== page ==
That was a pretty good performance, and they played against the Rest of the World as well. He did well there against a really talented side. The guy had something. He was a good batsman as well, was a positive captain and could lead his players.
Brian Close, for me, did great, in 1966 in England. Colin Cowdrey, being captain of England, we'd lost three Test matches out of four. West Indies were 3-0 up, one Test left, they gave Close the captaincy for the last Test at The Oval. Everybody was down a bit, we'd been beaten handsomely, they were a far better side with [Garry] Sobers at his best, a great player and others like [Rohan] Kanhai. There were five changes, changes he wanted. His attitude, right from the first time we met up the day before for nets, for a team meeting, he just believed we could win. Forget about the other Test matches, he said. Forget about the fact that Sobers was the best player in the world, "We can get him out." He just talked very sensibly about it, and we won handsomely. We really did win and that was a splendid effort.
Any question on captaincy for me, Imran Khan is my favourite, always. Everything he did, nearly always, trying for wickets… when he had the legspinner Abdul Qadir, he really didn't like to bowl him negatively, tried to bowl him to get wickets all the time. And quite frankly, he had to be so strong, aggressive and positive because anybody who's having to handle a Pakistan team is going to have to act like God. That is probably the toughest job in world cricket. When you get the job in Pakistan - they're so headstrong are many of the players, so many ex-players try to interfere, there's political interference from ministers and people - that's the most nightmare scenario to captain in Pakistan. I thought at the time he did it, he was absolutely and unbelievably brilliant.
ST: Many Indians would like to know what you think of Sourav Ganguly's captaincy. He had a good team, but he took over after the match-fixing controversy and Indian cricket was in some turmoil at that point in time. He's been credited with reversing the fortunes of the Indian team, so what do you make of him?
GB: You are right there. But I have to be careful mentioning Sourav because I deem him one of my best friends, like Sunny Gavaskar. I love him dearly. I think he did a fantastic job. People sometimes criticise him but I like him. There are miles more plusses in Sourav than there are minuses. None of us are perfect. We've all made mistakes.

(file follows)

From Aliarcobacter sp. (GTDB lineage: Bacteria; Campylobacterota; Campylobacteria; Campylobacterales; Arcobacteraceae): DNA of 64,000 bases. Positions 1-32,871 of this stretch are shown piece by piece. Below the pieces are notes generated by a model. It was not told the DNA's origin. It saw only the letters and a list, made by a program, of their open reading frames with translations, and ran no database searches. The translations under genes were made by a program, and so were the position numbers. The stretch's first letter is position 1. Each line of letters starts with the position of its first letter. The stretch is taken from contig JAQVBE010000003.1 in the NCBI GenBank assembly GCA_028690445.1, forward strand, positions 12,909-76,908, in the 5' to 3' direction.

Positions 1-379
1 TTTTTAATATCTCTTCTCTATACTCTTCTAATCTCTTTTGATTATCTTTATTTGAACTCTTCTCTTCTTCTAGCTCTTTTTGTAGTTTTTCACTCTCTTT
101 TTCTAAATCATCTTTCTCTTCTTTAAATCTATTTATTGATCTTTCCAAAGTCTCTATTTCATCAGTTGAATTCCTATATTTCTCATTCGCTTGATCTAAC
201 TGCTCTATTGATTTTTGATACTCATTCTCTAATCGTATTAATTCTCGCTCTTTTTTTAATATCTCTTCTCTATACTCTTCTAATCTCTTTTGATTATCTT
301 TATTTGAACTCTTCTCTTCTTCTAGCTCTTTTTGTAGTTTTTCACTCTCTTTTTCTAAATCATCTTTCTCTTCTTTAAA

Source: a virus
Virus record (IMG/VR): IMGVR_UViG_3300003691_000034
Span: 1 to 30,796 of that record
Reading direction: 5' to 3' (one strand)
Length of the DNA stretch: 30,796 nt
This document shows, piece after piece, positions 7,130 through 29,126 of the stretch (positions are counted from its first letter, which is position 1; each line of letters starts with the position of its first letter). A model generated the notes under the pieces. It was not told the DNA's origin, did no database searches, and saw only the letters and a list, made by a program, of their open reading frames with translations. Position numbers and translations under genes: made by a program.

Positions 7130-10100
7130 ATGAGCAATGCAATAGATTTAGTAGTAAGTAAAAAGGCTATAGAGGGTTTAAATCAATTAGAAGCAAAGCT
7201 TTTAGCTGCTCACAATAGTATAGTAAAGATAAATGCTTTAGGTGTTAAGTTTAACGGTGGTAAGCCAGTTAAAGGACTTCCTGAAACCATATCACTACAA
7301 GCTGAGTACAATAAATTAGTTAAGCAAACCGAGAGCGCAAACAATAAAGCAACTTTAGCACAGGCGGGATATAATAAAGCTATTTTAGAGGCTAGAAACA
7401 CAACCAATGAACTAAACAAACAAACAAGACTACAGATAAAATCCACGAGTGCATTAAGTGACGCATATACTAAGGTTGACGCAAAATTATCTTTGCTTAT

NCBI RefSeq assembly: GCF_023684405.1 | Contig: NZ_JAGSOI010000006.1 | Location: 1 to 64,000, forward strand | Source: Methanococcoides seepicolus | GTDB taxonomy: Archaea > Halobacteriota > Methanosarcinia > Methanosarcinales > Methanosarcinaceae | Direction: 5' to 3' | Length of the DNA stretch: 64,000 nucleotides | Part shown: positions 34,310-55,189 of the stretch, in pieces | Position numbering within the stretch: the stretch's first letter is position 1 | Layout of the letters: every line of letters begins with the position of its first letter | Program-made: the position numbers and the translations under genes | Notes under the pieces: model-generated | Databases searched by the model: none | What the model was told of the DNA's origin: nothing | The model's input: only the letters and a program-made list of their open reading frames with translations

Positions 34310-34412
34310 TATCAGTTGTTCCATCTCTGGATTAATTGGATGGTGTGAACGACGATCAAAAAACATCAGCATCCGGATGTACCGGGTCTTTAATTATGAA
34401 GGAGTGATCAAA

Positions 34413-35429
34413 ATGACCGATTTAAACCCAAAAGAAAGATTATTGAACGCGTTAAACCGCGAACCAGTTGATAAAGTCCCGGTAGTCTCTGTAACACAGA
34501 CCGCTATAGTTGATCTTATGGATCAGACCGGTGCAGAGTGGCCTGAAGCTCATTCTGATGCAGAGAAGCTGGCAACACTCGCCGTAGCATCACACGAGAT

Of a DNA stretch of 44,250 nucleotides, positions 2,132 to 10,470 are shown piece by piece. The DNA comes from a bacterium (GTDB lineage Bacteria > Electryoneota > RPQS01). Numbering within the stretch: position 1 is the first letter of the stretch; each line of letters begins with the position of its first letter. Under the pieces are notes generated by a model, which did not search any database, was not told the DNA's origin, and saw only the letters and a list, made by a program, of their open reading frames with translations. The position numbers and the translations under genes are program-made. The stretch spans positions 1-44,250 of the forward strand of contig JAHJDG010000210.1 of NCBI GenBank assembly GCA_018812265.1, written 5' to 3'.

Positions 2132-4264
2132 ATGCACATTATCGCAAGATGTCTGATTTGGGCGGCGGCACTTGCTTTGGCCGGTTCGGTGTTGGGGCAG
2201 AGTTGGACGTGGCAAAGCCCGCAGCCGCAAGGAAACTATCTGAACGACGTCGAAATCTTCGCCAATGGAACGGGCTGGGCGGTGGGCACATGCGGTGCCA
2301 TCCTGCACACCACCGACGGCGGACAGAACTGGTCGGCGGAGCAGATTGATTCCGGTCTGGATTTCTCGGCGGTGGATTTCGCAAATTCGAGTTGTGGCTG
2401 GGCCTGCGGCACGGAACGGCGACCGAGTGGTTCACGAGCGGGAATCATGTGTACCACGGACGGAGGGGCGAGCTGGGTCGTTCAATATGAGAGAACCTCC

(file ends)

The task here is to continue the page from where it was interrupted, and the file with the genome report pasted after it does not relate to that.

Sourav did a brilliant job, and he did it without throwing his weight around. I always feel that with Indian people and players, you get more out of them with honey and sugar than you will with the stick and the carrot. Shouting at them and getting mad at them doesn't really work. You've got to use some commonsense, honey and sugar, I call it. He pulled them all together, showed he wasn't frightened of anybody else in the world as a captain. He was a good player without being one of the greats. He'd got [Rahul] Dravid and [Sachin] Tendulkar, who was magic at that time, [VVS] Laxman, who is a dream player. So he did have some very, very talented batsmen. Bowling - so-so, not bad, but he didn't have anything special. What he did was pull it all together in a way in which he showed great leadership qualities. That's the key.
Sometimes, you get people who get thrust into a job. Maybe they want the job, maybe it just happens. And they themselves don't know if they're going to be good at it. They hope they will be. We just had one, Andrew Strauss. Tactically, I don't think he's very good. I don't think he's ever been great at that. I can think of many people [who were]: Mark Taylor of Australia was brilliant, Ian Chappell got close, [Ray] Illingworth, [Mike] Brearely, Imran Khan, miles better. But when he got the job, he had the ability to get the best out of the players. They wanted to play for him, they didn't want to let him down. Now, that's a gift. If you get players who don't want to let the captain down, they want to do the best, that means they're going to get the best out of themselves and the team's getting the best out of them. That's a gift, you don't always know until it's thrust on you.
Sourav was like that. He wasn't the best player, by a long way. Not with Tendulkar, Dravid and Laxman in the side. But he had this ability to pull people together and he did a fantastic job.